Looping through variable and replace text

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    • #194606
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      Hi,

      I'm trying to loop through a variable, split each line by | (giving 4 tokens), then search for "a|b|c" in a file and replace with "a|b|d"

      Essentially i have a csv file that contains a load of parts and prices and while it's not ideal to be in csv many people use it so we need to continue using it like this, i want to check each part every day to see if any prices in the csv sheet have changed compared to an API feed.

      If there is a change in price i want to update the file with the new price, so...

      The variable data looks like this

      Token 3 being the old price and 4 being the new price

      part1|"part1-description"|160|160.49
      part2|"part2-description"|150|160.28

      I run the following and because price $updatesPending evaluates to True it runs the IF statement

      If ($updatesPending -eq $true)
      {
      # Write updates to file
      Foreach ($item in $($priceUpdates -Split("`n"))) {
      $a,$b,$c,$d = $item.Split("|")
      ((Get-Content -path UNC\$fileName.csv) -replace "$a|$b|$c","$a|$b|$d") | Set-Content -Path unc\$fileName.csv
      }
      }

      The issue is the output in the file looks like this so i'm clearing doing very wrong, possibly the entirely wrong command?

      ||p||a||r||t||1|||||"||p||a||r||t||1||-||d||e||s||c||r||i||p||t||i||o||n||"|||||1||6||0||.||4||9|||||p||a||r||t||1|||||"||p||a||r||t||1||-||d||e||s||c||r||i||p||t||i||o||n||"|||||1||6||0||.||4||9|||||p||a||r||t||1|||||"||p||a||r||t||1||-||d||e||s||c||r||i||p||t||i||o||n||"|||||1||6||0||.||4||9||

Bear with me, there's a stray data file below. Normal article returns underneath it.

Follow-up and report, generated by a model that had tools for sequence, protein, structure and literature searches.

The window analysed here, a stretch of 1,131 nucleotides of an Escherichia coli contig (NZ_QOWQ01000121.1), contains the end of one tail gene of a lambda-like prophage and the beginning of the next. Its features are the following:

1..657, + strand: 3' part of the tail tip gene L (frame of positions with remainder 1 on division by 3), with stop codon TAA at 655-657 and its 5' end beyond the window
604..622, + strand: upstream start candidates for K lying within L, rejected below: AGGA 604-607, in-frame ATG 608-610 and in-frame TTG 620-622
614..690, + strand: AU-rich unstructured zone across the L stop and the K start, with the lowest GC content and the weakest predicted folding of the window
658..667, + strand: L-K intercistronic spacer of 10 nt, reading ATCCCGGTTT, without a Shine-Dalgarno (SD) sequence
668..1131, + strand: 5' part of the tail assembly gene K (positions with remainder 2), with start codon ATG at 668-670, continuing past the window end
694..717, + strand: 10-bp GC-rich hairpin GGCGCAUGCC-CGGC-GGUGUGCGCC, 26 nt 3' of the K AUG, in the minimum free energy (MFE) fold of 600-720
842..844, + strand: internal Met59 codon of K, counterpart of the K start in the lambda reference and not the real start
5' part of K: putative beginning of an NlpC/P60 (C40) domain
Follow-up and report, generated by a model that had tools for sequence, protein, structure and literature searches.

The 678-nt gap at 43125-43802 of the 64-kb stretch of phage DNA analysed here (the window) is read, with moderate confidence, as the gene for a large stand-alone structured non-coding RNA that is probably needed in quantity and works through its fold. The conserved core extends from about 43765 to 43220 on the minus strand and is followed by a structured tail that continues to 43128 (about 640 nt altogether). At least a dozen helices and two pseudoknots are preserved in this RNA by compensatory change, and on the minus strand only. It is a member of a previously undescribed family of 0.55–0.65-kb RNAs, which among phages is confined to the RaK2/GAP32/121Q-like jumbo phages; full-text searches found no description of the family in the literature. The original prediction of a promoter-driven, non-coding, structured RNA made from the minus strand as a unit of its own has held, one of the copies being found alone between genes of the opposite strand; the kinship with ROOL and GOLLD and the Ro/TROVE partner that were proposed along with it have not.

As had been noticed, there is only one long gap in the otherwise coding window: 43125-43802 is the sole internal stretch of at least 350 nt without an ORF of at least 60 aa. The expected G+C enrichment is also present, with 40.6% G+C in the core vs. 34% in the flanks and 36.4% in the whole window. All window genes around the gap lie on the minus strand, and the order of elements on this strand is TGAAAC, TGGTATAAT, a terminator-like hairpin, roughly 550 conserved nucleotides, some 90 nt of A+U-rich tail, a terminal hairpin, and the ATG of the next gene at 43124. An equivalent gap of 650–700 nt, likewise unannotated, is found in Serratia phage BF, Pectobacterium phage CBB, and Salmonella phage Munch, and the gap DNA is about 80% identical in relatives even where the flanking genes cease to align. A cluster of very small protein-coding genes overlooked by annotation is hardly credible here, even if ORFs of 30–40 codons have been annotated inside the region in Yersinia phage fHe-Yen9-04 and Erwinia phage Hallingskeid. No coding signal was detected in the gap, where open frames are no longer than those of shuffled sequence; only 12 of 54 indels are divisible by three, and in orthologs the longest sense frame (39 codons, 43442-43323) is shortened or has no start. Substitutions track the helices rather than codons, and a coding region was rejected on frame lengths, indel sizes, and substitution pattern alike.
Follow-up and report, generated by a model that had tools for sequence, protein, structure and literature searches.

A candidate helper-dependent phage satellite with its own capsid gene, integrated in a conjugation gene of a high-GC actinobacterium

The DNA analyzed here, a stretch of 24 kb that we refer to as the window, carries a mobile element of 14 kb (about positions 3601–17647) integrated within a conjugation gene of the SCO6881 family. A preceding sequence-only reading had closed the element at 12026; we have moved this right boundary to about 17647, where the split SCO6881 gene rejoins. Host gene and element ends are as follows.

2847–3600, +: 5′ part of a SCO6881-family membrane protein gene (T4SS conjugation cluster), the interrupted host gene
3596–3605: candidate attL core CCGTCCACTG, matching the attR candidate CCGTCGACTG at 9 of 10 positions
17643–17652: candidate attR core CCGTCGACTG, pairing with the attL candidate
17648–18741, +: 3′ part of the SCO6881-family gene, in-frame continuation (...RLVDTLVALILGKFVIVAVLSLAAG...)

||p||a||r||t||2|||||"||p||a||r||t||2||-||d||e||s||c||r||i||p||t||i||o||n||"|||||1||6||0||.||2||8|||||p||a||r||t||2|||||"||p||a||r||t||2||-||d||e||s||c||r||i||p||t||i||o||n||"|||||1||6||0||.||2||8|||||p||a||r||t||2|||||"||p||a||r||t||2||-||d||e||s||c||r||i||p||t||i||o||n||"|||||1||6||0||.||2||8||

       

      Any help will be appreciated.

       

      Regards,

      Jamie

    • #194627
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      The -replace statement uses regex for the search pattern and in regex the "|" represents a logical "or" – that's why you fail at the moment. 😉 If you have a valid csv file why don't you treat it as such and use Import-CSV instead of get content?

    • #194636
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      Here's a bit of a different approach. Powershell is strongest when you are leveraging object. While you can do text manipulation, the other file is in a CSV format, so it will be more predictable leveraging it as an object. This approach would take an update file and consider it autho:

      $file1 = @"
      part1|"part1-description"|160|160.49
      part2|"part2-description"|150|160.28
      part5|"part3-description"|20.80|20.50
      "@ | ConvertFrom-Csv -Delimiter "|" -Header Id,Desc,CurrentPrice, NewPrice
      
      $file2 = @"
      part1|"part1-description"|160
      part2|"part2-description"|150
      part3|"part3-description"|110
      part4|"part4-description"|800
      part5|"part5-description"|20.80
      "@ | ConvertFrom-Csv -Delimiter "|" -Header Id,Desc,CurrentPrice
      
      #Create a new object from File 1 and make the NewPrice, the Current Price
      $updates = $file1 | Select Id, Desc, @{Name='CurrentPrice';Expression={$_.NewPrice}}, @{Name='Rank';Expression={'0'}}
      $master = $file2 | Select Id, Desc, CurrentPrice, @{Name='Rank';Expression={'1'}}
      
      # Take the new file and file you want do replaces in and put them in a single object
      $joined = @()
      $joined += $updates
      $joined += $master
      
      #Another method to join the object
      #$joined = Compare-Object -ReferenceObject $master -DifferenceObject $updates -Property CurrentPrice -PassThru -IncludeEqual
      
      #Using the part Id as a key, group them together
      $grouped = $joined | Group-Object -Property Id